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Dear Millennial-Haters: Let’s Talk

Pundits like Bret Stephens have declared war on an entire generation. But their crusade rests on tired cliches.

RHONA WISE/AFP/Getty Images

The center-right commentators of this world are few, but they have made a big fuss about hating this country’s youth. The young people, they say, see “privilege” wherever there is individual merit. They possess a “reflexive and unnuanced sense of outrage.” Last week, Bret Stephens of The New York Times stood up and bravely declared, once and for all, that he really does bear the youth ill will. In an op-ed provocatively titled, “Dear Millennials: The Feeling Is Mutual,” Stephens delivered a generational jeremiad, with millennials in one corner and everyone else in the other.

The obligation to defend one’s entire generation should not come around all that often. But we must live in extraordinary times, for that onus keeps showing up on the doorstep of America’s youth, like so many spammy flyers melting in the drizzle.

Stephens’s peg is an old Joe Biden clip, recently resurfaced online, in which Uncle Joe disdains “the younger generation” who want to tell him “how tough things are.” Approving of this geronto-centric sentiment, Stephens, who is a full 30 years and a couple of generations younger than Biden, claimed that “no faction on the Democratic side more richly deserves rebuking than the one Biden singled out.”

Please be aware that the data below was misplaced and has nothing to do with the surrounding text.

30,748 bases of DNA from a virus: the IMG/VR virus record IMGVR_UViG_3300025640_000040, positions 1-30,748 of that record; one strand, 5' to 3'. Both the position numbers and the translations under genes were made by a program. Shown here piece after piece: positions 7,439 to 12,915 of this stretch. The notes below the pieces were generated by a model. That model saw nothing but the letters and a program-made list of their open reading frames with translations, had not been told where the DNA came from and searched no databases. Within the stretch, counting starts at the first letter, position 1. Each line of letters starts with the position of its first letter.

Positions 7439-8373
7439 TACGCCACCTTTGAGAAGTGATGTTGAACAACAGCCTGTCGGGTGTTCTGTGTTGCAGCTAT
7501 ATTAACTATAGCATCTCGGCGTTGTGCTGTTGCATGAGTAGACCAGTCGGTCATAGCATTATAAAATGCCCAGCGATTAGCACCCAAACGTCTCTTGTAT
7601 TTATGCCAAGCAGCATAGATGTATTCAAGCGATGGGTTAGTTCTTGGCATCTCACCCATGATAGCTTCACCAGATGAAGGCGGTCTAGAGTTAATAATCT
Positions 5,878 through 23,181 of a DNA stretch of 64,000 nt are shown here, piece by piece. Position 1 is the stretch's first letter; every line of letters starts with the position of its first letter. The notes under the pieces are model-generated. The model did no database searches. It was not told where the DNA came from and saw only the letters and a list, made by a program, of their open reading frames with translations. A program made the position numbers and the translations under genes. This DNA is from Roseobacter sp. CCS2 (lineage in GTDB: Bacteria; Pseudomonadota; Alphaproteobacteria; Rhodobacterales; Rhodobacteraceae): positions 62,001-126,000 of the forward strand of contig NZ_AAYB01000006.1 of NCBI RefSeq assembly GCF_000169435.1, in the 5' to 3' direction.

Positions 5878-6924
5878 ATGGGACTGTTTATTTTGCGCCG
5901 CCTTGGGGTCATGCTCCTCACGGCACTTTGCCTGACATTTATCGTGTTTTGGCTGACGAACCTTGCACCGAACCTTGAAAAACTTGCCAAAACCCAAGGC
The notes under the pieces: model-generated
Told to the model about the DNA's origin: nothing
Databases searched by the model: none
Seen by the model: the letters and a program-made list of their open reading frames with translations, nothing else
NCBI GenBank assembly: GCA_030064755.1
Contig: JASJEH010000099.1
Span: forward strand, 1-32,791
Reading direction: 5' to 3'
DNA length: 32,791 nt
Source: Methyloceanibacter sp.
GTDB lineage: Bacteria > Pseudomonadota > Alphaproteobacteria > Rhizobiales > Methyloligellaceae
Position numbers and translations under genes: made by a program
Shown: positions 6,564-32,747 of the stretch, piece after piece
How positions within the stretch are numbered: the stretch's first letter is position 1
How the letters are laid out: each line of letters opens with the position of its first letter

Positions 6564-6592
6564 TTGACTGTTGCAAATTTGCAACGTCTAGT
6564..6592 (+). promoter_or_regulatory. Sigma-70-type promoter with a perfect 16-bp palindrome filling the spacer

Which “faction” is that, exactly—every person born after 1982? No: He means those millennials who engage “in histrionic self-pity and moral self-righteousness, usually communicated via social media with maximum snark.” Lest that demographic sound made up, Stephens clarified. “Gawker spawn and HuffPo twerps: This especially means you.”

Who? Perhaps Bret Stephens is talking about the editor of the Times Style section, formerly Gawker’s editor-in-chief. Perhaps he means his Times colleagues Caity Weaver and Kevin Draper, both spawn of Gawker properties. As for HuffPost, I can only imagine what former Times editor and current HuffPost boss Lydia Polgreen did to Stephens in order to earn the epithet “twerp.”